Wimbledon 96 : Washington making a name for himself

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It is not easy being an umpire at Wimbledon. You have to adjudicate on codes of dress, player behaviour and close line calls. And then there are the names.

The sporting equivalent of Peter Piper is offered at Wimbledon every year and yesterday the big one seemed to be MaliVai Washington v Bohdan Ulihrach. The accepted pronunciation for the former in Europe is "mally- vi", but if you asked for that person at the front door of his Florida home a puzzled look would spread over the occupant's face. (The caller might feel a bit weary anyway after the walk up the drive: Washington has collected career prize money of $2,372,042 (pounds 1.5m).

Our man is actually called called mal-la-VEE-yah and his parents seem to believe the initial M sits rather nicely with the Washington surname. None of that George or Denzil nonsense. MaliVai has a brother Mashiska and three sisters, Mashona, Micheala and Masanja.

As he had to deal with only surnames, the umpire on Court Two was spared a verbal faux pas yesterday whenever Washington had to be mentioned. But on the occasions his opponent won a game, a strange noise came from the top of the official's chair, the sort you normally hear when you find your grandad gargling in the bathroom. Bohdan Ulihrach (BO-dan, OO-lee- rock) sounds as dreadful as Vlad The Impaler and his name certainly scared the living daylights out of John Frame (frame).

Washington was less disturbing. His manners are lovely. The world No 20 does not miss on any please or thank you when ball-boys bring him water, and on the rare occasions he had to question a call yesterday, he approached the chair with an almost embarrassed posture.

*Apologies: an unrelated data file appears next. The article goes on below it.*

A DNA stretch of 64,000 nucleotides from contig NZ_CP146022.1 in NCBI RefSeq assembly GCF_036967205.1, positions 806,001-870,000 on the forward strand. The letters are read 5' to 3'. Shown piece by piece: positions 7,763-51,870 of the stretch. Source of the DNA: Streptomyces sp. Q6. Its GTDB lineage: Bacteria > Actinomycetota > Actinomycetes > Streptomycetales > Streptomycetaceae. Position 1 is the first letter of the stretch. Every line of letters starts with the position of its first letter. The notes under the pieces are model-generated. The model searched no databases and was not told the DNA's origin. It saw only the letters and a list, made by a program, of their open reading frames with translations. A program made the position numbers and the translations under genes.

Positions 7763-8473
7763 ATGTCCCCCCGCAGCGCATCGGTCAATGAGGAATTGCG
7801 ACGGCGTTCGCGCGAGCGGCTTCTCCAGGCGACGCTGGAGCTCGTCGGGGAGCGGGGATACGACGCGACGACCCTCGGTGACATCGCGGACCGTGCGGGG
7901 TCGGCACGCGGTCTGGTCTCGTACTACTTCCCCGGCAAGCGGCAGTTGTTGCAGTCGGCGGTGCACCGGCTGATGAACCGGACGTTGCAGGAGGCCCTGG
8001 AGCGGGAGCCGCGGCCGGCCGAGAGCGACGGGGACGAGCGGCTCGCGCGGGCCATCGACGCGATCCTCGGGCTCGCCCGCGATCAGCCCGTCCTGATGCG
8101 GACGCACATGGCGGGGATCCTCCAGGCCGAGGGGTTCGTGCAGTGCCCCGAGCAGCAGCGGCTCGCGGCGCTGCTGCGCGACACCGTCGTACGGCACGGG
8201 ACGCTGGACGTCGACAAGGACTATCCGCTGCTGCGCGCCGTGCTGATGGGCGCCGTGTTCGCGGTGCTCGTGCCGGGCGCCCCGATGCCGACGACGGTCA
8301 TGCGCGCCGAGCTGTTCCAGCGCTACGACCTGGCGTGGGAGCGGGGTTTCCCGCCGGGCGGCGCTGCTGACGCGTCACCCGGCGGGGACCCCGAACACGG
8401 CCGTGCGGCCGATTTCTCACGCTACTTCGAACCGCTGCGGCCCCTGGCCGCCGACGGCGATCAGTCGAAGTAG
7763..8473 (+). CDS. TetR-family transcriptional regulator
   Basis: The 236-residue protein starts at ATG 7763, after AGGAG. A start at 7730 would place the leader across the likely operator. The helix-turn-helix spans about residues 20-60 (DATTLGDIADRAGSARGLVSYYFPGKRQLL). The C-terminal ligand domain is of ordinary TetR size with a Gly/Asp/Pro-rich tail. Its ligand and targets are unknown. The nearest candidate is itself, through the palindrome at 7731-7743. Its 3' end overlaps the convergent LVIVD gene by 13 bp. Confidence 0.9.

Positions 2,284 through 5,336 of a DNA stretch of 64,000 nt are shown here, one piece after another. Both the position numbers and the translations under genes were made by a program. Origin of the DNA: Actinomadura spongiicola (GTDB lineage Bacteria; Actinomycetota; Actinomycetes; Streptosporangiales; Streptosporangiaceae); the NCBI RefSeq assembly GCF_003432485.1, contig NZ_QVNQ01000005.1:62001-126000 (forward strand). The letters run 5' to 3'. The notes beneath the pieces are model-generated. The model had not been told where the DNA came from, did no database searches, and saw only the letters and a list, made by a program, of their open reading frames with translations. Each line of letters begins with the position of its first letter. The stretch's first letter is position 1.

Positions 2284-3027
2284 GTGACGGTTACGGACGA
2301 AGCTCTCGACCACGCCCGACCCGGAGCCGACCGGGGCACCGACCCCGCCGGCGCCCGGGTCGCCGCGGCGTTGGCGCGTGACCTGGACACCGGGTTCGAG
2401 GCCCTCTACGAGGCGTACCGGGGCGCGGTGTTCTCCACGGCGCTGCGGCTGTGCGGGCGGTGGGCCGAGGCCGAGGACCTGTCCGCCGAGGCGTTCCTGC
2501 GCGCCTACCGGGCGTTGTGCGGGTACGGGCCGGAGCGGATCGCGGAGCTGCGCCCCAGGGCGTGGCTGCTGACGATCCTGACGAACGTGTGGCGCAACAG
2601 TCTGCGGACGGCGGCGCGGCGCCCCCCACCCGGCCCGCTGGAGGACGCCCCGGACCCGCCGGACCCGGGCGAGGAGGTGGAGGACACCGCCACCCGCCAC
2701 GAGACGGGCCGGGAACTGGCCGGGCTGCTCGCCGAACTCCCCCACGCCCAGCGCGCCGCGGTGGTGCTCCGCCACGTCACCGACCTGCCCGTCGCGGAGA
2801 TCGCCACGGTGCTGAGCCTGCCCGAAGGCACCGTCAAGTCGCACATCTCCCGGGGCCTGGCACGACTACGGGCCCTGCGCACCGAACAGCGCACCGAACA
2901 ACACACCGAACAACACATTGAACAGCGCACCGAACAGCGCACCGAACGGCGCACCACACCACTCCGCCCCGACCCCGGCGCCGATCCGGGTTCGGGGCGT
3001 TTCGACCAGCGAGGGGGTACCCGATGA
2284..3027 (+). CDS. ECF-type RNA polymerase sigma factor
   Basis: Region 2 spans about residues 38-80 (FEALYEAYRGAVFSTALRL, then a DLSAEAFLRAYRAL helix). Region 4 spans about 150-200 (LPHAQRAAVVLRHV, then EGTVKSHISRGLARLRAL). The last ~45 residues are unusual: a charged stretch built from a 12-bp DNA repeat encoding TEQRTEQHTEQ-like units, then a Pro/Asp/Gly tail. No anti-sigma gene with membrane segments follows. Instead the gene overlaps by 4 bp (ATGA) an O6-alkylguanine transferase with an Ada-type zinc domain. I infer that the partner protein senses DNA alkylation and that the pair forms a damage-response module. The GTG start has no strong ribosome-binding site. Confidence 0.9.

Washington may be 5ft 11in but he is operating in the land of the giants and his chunky body accentuates this relative smallness. Over the net was the modern prototype. The 21-year-old from Prague is 6ft 2in of the leanest cut in the shop. But, as the match progressed, Ulihrach, shrank further from his full height to end up a bent, forlorn figure. In less than an hour and a quarter Washington had blown away him, and the Czech Republic's sense of invincibility, by a 6-3, 6-3, 6-0 scoreline.

With Boris Becker now removed, the American appears to have calm waters ahead of him to the semi-finals, where he should not count on the undivided support that rolled from the stands yesterday. He could meet one Tim Henman at that stage. That would be some progress for the 27-year-old, as he has never previously been beyond the second round here. In 1991 he led Ivan Lendl by two sets to love before presenting the No 3 seed with the match on a velvet cushion.

For some reason people reckon the bet of the tournament is Sampras. But the only real certainty is Washington to go through a sentence without using the word "heck" or the phrase "you know". He will not be appearing on Radio Four's Just A Minute.

Washington is the best black American player since Arthur Ashe and recognises that tennis is not the preferred sport among black children. "You know, the kids I was growing up with, none of them ever played tennis and I got a couple of jabs," he said. "It can be an economic thing, I mean it's not the cheapest sport in the world, but heck, my Dad taught me so it's not like we were ever paying for tennis lessons.''

Payment for anything is no longer a problem, especially as Washington could probably earn just as much as a male model. People magazine once selected him as among "The Top 50 Most Beautiful People in the World." Heck, that makes him blush you know.